The New York Giants and the New England Patriots aren't the only ones prepping for Super Bowl Sunday: so is the Congregation of the Sister of St. Joseph of Cleveland.
The Ohio-based congregation is joining ten other orders in an effort to increase awareness of and stop sex trafficking during Super Bowl XLVI weekend in Indianapolis.
WKYC TV reports that the nuns are working with some 220 hotels within a 50-mile radius of the Super Bowl stadium to help managers identify victims of sex trafficking.
'Someone has to take this on'
We want to share with the traffickers that we will be watching, Sister Marilyn Nickol told WKYC.
The sisters of St. Joseph have been planning to travel to Indianapolis, In. for the Super Bowl since the NFL opened up training camp last summer.
We thought, someone has to do this, added Sister Anne Victory, the education coordinator of the Collaborative to End Human Trafficking. Someone has to take this on.
The federal government estimates that $15 billion is generated each year in sex trafficking in the U.S. And Super Bowl weekend is the largest underage sex trafficking event in the country annually.
The National Center for Missing and Exploited Children estimated that some 10,000 sex workers were brought into Miami for the 2010 Super Bowl. These are predominantly adult women who assert that they have voluntarily become sex workers.
At that same Super Bowl, however, 133 underage prostitutes were arrested by police, and the National Center estimates that hundreds are likely to have slipped under the radar.
Sex Trafficking At Super Bowl
Indiana Gov. Mitch Daniels, Attorney general Greg Zoeller and child advocates including Shared Hope International President Linda Smith have banded together to try and keep Indianapolis safe for sports fans and underage victims alike.
On Monday, Gov. Daniels pushed through legislation that makes it a felony to recruit, harbor or transport a child under 16 with the intent to engage in prostitution, and gives much higher penalties for anyone who sells or transfers custody of a child.
This same legislation also includes provisions to protect minors who have been victimized from being charged with prostitution by the courts.
On the ground, meanwhile, Indianapolis director of public safety Frank Straub has been training everyone from police officers to hotel security on how to spot potential trafficking victims online, in hotel lobbies, at sports bars and even in the Super Bowl stadium.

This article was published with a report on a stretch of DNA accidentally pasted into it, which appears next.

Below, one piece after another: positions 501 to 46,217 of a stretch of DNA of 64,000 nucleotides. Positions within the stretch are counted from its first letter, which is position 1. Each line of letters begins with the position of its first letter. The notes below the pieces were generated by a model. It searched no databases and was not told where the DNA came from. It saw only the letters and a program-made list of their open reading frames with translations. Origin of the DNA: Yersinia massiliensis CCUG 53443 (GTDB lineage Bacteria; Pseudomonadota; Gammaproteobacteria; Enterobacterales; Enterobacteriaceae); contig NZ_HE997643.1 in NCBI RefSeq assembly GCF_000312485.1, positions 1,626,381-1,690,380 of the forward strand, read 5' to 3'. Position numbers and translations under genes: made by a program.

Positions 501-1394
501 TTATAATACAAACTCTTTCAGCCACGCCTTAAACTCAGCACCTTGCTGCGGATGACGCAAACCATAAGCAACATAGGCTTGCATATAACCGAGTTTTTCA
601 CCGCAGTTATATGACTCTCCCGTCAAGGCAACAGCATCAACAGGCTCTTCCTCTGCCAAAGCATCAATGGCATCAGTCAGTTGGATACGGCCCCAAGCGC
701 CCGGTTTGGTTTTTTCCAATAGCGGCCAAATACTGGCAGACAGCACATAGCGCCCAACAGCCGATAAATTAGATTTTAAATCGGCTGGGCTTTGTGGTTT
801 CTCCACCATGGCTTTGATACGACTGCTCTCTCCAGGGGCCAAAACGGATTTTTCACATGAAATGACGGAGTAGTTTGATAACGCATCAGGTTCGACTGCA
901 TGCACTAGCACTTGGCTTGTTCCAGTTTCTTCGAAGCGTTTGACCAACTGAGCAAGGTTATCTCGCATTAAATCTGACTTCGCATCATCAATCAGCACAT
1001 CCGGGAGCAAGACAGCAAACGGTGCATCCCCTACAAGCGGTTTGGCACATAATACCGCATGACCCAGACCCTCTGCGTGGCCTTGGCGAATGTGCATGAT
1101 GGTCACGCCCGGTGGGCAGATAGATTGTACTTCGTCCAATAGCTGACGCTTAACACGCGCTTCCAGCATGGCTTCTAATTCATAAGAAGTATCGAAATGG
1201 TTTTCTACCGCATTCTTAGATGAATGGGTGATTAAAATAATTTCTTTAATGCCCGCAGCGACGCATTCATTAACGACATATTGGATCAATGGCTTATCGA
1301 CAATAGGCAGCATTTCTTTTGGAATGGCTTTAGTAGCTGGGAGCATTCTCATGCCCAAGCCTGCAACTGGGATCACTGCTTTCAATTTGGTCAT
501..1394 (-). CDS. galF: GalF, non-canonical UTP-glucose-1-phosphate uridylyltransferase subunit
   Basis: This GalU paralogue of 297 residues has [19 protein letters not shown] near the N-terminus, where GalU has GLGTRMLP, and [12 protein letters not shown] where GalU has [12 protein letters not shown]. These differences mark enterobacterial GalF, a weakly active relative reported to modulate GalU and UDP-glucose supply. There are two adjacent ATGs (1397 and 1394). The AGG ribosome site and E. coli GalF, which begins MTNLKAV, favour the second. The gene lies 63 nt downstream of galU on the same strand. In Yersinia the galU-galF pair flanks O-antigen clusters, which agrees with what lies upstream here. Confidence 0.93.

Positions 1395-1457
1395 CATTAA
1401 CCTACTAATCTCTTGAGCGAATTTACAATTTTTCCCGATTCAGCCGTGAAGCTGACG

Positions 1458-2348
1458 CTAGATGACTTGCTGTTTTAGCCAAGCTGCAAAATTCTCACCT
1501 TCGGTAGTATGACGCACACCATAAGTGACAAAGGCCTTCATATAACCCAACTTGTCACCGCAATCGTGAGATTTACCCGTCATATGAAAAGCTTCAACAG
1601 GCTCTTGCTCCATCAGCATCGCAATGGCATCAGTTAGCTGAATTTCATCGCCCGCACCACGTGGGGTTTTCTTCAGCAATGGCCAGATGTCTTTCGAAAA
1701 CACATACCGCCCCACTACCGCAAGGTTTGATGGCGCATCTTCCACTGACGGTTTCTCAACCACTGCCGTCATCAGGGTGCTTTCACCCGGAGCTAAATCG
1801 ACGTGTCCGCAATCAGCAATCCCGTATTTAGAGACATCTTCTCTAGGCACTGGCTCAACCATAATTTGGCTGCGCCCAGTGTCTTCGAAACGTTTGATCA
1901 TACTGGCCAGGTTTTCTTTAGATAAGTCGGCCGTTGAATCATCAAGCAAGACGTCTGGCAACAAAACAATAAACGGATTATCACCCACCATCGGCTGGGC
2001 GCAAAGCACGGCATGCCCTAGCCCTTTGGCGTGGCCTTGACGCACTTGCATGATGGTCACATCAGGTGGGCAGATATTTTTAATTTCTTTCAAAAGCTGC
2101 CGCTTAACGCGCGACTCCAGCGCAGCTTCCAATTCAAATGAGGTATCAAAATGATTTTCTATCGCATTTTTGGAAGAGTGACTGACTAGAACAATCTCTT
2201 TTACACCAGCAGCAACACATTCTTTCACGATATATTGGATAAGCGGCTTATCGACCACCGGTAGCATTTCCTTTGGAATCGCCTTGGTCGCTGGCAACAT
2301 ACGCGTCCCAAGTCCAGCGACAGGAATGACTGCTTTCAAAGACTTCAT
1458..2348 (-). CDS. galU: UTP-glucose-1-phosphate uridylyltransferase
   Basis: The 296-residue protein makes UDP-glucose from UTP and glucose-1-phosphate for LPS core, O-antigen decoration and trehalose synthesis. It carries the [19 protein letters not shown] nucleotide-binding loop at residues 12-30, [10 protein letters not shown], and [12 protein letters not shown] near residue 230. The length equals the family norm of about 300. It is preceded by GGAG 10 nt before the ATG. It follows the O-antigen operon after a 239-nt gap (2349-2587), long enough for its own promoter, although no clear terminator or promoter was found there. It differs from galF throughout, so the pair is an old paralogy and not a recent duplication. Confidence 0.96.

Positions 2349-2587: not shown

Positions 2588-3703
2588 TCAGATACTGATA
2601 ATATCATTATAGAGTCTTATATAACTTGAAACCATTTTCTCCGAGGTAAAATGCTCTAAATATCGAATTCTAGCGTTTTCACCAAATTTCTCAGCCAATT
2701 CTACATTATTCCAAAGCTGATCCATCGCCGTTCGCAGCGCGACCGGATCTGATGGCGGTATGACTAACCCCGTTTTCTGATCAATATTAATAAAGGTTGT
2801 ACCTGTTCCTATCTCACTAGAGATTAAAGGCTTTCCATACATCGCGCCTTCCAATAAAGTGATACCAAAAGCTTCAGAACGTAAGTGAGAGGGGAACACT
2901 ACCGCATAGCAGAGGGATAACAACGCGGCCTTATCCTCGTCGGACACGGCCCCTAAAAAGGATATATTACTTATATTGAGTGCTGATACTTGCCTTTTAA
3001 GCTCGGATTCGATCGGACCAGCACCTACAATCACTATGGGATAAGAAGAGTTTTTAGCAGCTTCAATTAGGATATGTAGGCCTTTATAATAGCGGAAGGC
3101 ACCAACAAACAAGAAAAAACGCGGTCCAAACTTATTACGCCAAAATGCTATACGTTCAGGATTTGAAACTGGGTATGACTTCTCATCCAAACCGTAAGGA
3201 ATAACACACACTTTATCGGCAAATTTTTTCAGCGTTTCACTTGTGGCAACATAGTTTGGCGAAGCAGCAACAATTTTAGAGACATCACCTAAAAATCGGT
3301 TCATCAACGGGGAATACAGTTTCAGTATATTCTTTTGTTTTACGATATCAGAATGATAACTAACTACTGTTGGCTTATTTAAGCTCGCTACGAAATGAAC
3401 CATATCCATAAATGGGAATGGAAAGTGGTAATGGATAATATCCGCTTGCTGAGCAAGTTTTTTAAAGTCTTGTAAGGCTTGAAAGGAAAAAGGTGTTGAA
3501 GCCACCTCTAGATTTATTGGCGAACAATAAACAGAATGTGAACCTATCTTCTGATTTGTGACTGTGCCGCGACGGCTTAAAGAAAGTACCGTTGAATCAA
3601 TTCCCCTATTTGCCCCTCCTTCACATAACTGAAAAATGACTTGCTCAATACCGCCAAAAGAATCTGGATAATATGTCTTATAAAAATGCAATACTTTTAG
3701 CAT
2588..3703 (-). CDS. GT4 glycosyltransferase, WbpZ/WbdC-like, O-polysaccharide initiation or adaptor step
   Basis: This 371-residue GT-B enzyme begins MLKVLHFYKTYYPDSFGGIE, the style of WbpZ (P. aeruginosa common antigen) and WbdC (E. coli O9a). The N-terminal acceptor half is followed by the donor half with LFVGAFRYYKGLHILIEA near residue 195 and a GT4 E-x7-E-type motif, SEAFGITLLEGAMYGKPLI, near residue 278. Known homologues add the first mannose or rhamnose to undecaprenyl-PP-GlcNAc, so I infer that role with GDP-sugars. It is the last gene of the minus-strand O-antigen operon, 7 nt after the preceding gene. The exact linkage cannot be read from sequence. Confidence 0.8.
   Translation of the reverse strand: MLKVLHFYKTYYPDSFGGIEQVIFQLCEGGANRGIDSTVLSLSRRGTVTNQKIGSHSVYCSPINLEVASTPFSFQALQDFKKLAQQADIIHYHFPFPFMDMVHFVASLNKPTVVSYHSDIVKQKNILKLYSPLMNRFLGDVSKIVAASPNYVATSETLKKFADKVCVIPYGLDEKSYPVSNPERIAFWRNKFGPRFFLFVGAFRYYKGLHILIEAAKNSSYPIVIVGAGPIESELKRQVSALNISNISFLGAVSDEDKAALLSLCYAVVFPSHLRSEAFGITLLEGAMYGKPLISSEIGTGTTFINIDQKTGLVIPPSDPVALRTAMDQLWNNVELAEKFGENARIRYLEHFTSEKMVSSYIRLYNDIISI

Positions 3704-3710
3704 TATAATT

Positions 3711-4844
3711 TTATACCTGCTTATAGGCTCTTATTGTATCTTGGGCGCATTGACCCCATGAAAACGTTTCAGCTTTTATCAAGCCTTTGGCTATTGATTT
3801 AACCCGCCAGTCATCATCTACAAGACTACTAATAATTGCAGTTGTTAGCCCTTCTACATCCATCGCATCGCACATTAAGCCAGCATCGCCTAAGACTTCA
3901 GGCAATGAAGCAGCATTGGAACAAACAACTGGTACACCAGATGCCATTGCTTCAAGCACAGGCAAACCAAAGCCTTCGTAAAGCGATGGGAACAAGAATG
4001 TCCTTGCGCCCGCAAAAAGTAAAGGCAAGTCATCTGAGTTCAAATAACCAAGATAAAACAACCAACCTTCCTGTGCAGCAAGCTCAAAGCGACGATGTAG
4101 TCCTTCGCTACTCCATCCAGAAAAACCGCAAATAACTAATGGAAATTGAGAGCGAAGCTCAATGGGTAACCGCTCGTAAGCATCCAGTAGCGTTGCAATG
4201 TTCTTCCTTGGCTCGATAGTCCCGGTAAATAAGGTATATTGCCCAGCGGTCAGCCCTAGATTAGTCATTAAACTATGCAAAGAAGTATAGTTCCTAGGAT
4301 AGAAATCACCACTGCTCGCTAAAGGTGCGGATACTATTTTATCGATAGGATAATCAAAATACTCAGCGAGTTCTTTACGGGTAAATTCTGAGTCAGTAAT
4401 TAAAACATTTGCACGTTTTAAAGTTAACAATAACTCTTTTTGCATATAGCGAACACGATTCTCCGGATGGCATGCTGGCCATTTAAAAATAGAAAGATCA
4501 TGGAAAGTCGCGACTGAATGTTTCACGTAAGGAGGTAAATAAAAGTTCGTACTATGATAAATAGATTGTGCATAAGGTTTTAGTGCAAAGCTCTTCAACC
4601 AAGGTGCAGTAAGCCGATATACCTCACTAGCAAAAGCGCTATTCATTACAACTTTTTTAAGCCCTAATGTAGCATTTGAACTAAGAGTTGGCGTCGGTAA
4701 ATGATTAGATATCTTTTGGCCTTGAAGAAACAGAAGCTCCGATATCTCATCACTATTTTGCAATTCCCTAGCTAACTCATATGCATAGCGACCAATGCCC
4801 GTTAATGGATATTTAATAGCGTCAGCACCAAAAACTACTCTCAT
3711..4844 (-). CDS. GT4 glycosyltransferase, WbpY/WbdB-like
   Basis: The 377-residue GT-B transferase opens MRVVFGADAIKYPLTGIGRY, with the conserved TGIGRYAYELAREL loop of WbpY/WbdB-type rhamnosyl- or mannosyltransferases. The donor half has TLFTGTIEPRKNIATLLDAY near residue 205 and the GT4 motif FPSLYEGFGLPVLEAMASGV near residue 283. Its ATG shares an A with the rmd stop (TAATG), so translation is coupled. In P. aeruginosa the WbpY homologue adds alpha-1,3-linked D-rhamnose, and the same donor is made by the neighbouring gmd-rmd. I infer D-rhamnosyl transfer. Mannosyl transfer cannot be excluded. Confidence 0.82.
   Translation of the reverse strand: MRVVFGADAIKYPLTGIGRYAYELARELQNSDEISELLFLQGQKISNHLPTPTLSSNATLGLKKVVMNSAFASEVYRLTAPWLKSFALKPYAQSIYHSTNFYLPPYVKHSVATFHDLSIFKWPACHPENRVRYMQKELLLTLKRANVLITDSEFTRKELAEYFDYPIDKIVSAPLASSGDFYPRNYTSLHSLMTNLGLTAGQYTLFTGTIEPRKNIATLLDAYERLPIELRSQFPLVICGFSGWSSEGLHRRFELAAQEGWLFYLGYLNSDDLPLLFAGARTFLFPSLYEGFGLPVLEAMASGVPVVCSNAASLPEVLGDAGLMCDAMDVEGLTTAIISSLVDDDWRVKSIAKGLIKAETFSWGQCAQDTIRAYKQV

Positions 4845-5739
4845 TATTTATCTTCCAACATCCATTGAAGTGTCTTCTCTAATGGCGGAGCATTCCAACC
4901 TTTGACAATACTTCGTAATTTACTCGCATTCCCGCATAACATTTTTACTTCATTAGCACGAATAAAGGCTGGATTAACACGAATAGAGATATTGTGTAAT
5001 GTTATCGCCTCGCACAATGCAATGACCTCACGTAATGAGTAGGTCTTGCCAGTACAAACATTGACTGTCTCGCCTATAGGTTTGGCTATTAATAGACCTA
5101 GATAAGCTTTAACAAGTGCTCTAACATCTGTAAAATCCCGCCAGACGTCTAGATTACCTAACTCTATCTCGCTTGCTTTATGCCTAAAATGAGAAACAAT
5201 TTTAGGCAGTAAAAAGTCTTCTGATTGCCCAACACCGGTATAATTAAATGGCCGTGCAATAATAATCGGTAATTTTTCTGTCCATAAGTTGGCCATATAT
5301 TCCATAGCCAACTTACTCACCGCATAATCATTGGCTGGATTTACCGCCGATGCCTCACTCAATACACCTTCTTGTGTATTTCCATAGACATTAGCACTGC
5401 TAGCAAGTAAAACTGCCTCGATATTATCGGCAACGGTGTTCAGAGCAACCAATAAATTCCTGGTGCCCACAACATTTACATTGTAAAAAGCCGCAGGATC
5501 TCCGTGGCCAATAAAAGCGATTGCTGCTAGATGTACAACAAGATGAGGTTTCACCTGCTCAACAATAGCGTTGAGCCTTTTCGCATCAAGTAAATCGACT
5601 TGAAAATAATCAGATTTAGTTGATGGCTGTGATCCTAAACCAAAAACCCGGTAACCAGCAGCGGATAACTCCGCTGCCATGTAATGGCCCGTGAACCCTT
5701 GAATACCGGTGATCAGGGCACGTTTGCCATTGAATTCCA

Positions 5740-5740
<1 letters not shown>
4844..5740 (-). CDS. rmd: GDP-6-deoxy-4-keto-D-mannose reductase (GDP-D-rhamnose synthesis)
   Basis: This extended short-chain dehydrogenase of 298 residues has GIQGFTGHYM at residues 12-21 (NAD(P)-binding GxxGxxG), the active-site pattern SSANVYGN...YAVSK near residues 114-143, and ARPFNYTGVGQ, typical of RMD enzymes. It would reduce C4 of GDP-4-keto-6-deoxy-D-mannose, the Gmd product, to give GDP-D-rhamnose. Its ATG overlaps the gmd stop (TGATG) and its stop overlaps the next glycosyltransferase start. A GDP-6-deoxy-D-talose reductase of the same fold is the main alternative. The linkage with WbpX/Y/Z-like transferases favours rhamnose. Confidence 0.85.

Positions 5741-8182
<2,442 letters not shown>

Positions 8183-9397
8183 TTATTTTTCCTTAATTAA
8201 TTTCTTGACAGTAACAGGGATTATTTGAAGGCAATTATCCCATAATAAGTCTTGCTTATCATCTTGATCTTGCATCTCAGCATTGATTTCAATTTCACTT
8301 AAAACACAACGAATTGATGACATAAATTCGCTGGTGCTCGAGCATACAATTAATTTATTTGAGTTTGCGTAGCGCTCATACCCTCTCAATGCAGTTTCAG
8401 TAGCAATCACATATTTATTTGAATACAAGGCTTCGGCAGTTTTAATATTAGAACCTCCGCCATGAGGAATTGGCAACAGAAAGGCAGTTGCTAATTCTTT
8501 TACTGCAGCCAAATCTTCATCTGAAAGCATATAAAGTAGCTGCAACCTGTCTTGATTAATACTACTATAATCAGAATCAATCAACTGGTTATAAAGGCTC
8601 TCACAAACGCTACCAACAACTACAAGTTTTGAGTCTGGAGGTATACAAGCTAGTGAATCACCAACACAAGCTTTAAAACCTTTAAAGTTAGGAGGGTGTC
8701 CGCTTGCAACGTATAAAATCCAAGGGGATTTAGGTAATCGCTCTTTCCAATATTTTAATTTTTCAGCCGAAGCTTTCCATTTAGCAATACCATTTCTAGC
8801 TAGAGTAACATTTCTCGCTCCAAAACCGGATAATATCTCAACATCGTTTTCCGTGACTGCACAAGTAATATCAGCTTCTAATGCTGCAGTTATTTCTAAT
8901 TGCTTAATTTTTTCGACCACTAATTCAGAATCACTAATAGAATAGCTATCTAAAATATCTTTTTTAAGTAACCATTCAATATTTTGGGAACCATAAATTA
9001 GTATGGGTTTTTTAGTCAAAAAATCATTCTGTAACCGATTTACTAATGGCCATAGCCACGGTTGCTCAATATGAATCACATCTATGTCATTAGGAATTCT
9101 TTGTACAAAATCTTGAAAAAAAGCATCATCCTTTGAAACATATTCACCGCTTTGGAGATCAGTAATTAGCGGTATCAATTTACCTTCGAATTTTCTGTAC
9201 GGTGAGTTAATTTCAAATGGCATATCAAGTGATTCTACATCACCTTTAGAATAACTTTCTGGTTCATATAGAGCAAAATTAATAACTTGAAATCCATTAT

Clearly it's a human trafficking issue of children [who] are being brought into our city to engage in the sex trade, Straub told Forbes.
This isn't just about keeping people from engaging a prostitute. It's about protecting that prostitute from being forced to do anything against her will.
St. Joseph's Nuns
But as much as local law enforcement and the state government will try to keep people safe during Super Bowl XLVI, there's only so much people like Frank Straub can do once sex traffickers go behind closed doors.
Hotels are the prime location for sex trafficking and sex work, and if advertisements for sexual services are any indication, thousands of people will be swarming into Indianapolis to engage in total satisfaction from young and curvy women.
That's where the nuns come in.
Hailing from congregations as far-flung as Kalamazoo, Mich., the 11 orders are determined to raise awareness about Super Bowl sex trafficking, make sure hotel staff are educated on the issue and receive training, and make materials about the prevalence of sex trafficking available not only in hotel lobbies, but in guests' rooms as well.
And so far, the nuns report that hotel responses have been overwhelming positive.
'If one woman is saved, it will all be worth it'
Of the 220 hotels the women contacted, 200 hotel managers reached out and provided answers to questions asked by the orders, and 99 managers asked for materials to distribute in their hotels, according to Suburban Life.
These materials included brochures about human trafficking for guests, copies of the Ending Child Prostitution and Trafficking (ECPAT) Code of Conduct, and local anti-trafficking contact information, including 24-hour victim assistance hotlines and where to find safehouses.
Seven hotel managers even asked the nuns to help with additional training prior to Super Bowl 2012, to help employees recognize trafficking situations and learn how to assist victims.
According to Straub, the nuns have begun reaching out to Indianapolis cab drivers, as well.
We are very gratified by the responses from hotel managers and pleased that they made time to talk and work with us in this very busy season, said Sister Ann Oestreich of Immaculate Heart of Mary. Sister Ann is co-chair of the Coalition for Corporate Responsibility for Indiana and Michigan.
We're here for the most vulnerable in society, Sister Nancy Conway added in a statement to WKYC. If one woman is saved at the Super Bowl, it will all be worth it.
If you suspect someone is being trafficked, you are encouraged to report it to the National Human Trafficking Resource Center Hotline at 1-888-373-7888. Call 9-1-1 if you believe someone is in immediate danger.